News Briefing - Crowdfunding, SME And Alternative Finance

Storm In A Teacup by JBraine

1. UK – FinTech 


Finextra on a large equity raise: 

“Money management app Chip has closed the biggest ever equity crowdfund on Crowdcube, raising £11.5 million from 12,954 investors. 

As part of the record-breaking round, Chip raised £1 million in under 10 minutes and hit £8.6+ million in under 48 hours. Off the back of the crowdfund, the company added 6,500 new investors, growing its shareholder community to over 23,000.

In the past year, Chip has grown revenues by 500% and achieved positive growth margins for the first time in August 2021. New product launches, such as easy access savings accounts and investment funds have attracted 400,000 customers, swelling average user balances to £2,961.03 in September 2021.” 



2. UK – FinTech 


The Fintech Times runs an opinion piece on a possible alternative to IPOs for FinTechs. 


Funding Circle led the way for fintechs in 2018 as it became the first company in the sector to be publically listed on the London Stock Exchange. Since then, a plethora of fintechs have followed suit hoping to find success, however, questions are starting to be asked whether a traditional IPO is the best way to list one’s company or if going public is even the correct decision to begin with. 

Alexander Green is the Chief Evangelist and Co-Founder at Globacap. Green leads business development with institutional partners including VC and PE funds. Green is focused on solving problems for clients and delivering innovative capital markets solutions for Globacap’s customers. 

He spoke with The Fintech Times to discuss how an IPO listing may not be in a fintech’s best interests, and that remaining private and in control is a better choice, especially now more options are available to companies who want to generate capital, offload shares, or even exit, without the need to go public. Despite this, Green explains some companies would still want a public listing. For them blockchain tech could provide new routes to liquidity.” 



3. US - FinTech 

Altfi reports: 

“The payments space has been one of the hottest areas for fintech in recent years, despite heavy competition. Now with increasingly high expectations from customers and a number of notable successes among start ups, VCs are increasingly put cash to work in digital payments. 

Primer, a new payments automation platform is one such example. Ithas closed a $50m Series B fundraise pushing its valuation to $425m, just 20 months since its launch. 

The round was led by San Francisco based ICONIQ Growth, which has backed a number of notable fintech companies such as Adyen and Marqeta. Existing investors, including Accel, Balderton Capital, Seedcamp, Speedinvest, and RTP Global all participated in the round.  

Founded in early 2020 by Gabriel Le Roux and Paul Anthony (pictured L/R), ex-Paypal and Braintree employees, the startup now employs more than 70 people across 20 countries.”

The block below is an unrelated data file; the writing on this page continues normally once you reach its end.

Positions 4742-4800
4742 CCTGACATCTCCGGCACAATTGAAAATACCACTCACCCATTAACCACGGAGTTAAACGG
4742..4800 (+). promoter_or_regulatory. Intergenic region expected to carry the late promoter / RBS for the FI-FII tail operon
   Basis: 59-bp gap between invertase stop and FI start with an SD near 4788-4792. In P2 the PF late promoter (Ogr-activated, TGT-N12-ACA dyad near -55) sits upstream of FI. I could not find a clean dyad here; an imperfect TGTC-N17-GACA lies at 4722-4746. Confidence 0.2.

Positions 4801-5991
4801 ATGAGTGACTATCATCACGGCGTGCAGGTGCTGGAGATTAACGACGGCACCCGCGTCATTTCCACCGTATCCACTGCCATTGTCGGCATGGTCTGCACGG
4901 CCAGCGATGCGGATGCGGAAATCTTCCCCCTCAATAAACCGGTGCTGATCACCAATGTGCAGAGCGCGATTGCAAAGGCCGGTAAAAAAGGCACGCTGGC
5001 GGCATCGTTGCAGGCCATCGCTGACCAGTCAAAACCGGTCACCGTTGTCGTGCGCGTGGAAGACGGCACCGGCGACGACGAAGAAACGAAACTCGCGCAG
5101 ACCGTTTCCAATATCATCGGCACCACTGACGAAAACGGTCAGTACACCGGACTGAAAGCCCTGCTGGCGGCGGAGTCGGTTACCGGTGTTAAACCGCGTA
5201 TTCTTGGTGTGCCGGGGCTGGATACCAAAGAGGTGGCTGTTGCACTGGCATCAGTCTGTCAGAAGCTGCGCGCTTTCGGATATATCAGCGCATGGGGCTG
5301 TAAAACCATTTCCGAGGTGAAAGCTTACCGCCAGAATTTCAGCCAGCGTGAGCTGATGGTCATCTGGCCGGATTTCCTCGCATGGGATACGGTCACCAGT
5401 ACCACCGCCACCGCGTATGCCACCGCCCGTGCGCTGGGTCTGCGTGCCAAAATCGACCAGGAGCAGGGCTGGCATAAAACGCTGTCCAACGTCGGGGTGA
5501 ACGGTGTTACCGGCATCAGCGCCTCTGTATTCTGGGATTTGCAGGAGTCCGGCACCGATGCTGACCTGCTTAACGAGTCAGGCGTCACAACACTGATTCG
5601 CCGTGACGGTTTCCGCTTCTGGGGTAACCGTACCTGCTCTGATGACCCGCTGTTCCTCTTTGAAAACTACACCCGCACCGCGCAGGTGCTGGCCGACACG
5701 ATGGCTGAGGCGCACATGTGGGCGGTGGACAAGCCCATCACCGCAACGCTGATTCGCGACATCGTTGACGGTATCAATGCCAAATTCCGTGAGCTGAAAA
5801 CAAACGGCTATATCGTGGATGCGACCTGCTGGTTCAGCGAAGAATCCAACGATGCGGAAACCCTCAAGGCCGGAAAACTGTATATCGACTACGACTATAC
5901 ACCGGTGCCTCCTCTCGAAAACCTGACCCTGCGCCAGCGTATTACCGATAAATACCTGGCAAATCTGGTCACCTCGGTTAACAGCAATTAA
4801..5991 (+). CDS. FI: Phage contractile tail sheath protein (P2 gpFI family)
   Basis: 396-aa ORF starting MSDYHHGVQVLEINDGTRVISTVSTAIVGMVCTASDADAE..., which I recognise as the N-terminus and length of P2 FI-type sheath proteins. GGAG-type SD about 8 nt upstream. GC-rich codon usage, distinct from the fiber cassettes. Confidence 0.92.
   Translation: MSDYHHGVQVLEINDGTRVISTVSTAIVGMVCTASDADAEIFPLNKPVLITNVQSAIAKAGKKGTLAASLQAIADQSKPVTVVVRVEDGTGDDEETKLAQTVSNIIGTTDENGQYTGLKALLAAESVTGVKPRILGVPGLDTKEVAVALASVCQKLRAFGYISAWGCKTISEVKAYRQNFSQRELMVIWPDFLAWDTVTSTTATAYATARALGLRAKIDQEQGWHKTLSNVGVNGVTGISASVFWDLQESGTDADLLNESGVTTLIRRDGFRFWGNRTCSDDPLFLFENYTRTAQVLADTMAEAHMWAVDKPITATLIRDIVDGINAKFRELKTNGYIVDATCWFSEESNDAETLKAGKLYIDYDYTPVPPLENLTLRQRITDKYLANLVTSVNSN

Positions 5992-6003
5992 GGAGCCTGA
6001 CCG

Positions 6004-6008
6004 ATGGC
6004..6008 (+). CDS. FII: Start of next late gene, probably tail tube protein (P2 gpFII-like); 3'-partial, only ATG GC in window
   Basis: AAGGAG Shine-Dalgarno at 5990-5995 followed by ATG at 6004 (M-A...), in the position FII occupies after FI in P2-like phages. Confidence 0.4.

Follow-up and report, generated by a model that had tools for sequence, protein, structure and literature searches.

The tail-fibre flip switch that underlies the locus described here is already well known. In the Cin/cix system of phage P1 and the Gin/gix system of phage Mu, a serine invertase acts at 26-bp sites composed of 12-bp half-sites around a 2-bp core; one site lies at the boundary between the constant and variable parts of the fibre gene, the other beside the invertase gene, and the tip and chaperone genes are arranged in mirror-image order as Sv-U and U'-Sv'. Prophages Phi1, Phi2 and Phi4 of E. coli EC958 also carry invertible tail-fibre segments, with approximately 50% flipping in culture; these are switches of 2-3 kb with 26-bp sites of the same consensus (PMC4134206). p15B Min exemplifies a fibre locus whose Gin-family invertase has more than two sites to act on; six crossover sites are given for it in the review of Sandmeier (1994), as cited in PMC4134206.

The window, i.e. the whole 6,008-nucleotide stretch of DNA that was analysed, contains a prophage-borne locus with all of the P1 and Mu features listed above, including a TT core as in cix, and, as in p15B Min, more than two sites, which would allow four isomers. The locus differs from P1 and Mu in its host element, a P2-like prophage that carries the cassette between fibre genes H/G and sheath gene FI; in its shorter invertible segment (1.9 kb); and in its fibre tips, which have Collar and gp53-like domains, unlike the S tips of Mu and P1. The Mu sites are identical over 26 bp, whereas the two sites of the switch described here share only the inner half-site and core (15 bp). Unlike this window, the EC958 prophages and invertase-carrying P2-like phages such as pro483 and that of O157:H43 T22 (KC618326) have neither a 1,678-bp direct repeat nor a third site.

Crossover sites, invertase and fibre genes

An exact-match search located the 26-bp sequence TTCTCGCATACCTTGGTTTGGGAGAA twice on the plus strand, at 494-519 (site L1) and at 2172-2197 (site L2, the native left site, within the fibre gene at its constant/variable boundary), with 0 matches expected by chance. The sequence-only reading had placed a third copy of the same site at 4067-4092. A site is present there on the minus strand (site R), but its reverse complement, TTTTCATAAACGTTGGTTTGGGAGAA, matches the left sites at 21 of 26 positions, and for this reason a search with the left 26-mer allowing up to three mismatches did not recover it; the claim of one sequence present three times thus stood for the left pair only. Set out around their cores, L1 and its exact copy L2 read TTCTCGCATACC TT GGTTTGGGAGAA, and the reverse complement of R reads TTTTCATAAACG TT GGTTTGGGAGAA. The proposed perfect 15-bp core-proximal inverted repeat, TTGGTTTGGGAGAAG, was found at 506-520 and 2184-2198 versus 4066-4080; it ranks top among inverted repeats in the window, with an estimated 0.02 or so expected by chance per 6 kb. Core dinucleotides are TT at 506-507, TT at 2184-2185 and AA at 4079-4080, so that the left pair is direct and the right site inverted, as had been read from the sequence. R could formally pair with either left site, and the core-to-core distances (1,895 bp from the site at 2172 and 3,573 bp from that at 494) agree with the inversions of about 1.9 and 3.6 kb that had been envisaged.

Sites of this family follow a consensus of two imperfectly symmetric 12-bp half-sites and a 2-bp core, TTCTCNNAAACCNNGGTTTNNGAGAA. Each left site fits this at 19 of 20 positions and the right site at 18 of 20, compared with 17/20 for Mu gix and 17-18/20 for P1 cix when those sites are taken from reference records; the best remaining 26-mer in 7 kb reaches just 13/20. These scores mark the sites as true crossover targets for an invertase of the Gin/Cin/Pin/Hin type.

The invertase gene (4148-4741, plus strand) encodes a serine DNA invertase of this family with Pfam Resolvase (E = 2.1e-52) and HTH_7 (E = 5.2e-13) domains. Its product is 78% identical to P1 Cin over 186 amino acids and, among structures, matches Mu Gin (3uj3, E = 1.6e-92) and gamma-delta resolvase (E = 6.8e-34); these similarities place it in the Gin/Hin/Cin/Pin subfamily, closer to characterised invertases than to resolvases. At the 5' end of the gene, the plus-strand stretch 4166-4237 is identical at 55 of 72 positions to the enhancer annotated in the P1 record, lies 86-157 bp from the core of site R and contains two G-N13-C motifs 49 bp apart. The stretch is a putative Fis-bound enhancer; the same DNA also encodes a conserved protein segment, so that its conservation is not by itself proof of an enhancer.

4. US – FinTech 

Crowdfundinisder on the “first” Bitcoin ETF – though there is a Stockholm-quoted fund that’s been trading for years… 

“After an extended wait for financial services firms attempting to launch an exchange-traded fund (ETF) based on Bitcoin, the very first Bitcoin ETF is expected to trade tomorrow on the New York Stock Exchange (NYSE). 

Last week, it was revealed that ProShares Bitcoin Strategy ETF (BITO) will become the first US Bitcoin-linked ETF providing investors an opportunity to gain exposure to Bitcoin via a regulated exchange. 

According to the information page, the Fund seeks to provide capital appreciation primarily through managed exposure to Bitcoin futures contracts and the fund does not invest directly in Bitcoin. The ETF holds an expense ratio of 0.95%. The prospectus is available here if you are curious. 

For some time now, firms have been queueing up to list a crypto ETF but the Securities and Exchange Commission has denied the applications. Many expect other Bitcoin ETFs could be approved going forward.” 


5. International – FinTech 


Finextra reports: 


“European fintech funding rebounded from its pandemic lull in the first half of 2021, according to a Finch Capital report which nevertheless warns that the boom could stall again next year. 

European fintech financing hit EUR15 billion in the first half, up from just EUR5 billion in the second half of 2020, says Finch, with B2B businesses dominating, securing 65% of the capital.

However, Europe is the least diversified region, with five per cent of the deals seeing over 65% of the funding amounts, as giant unicorns such as Klarna and Rapyd dominate.

Finch predicts that the fintech blast could stall next year, citing four factors: a war for talent that will increase costs; a slowdown in public and IPO markets; increased regulatory scrutiny; and rising interest rates.”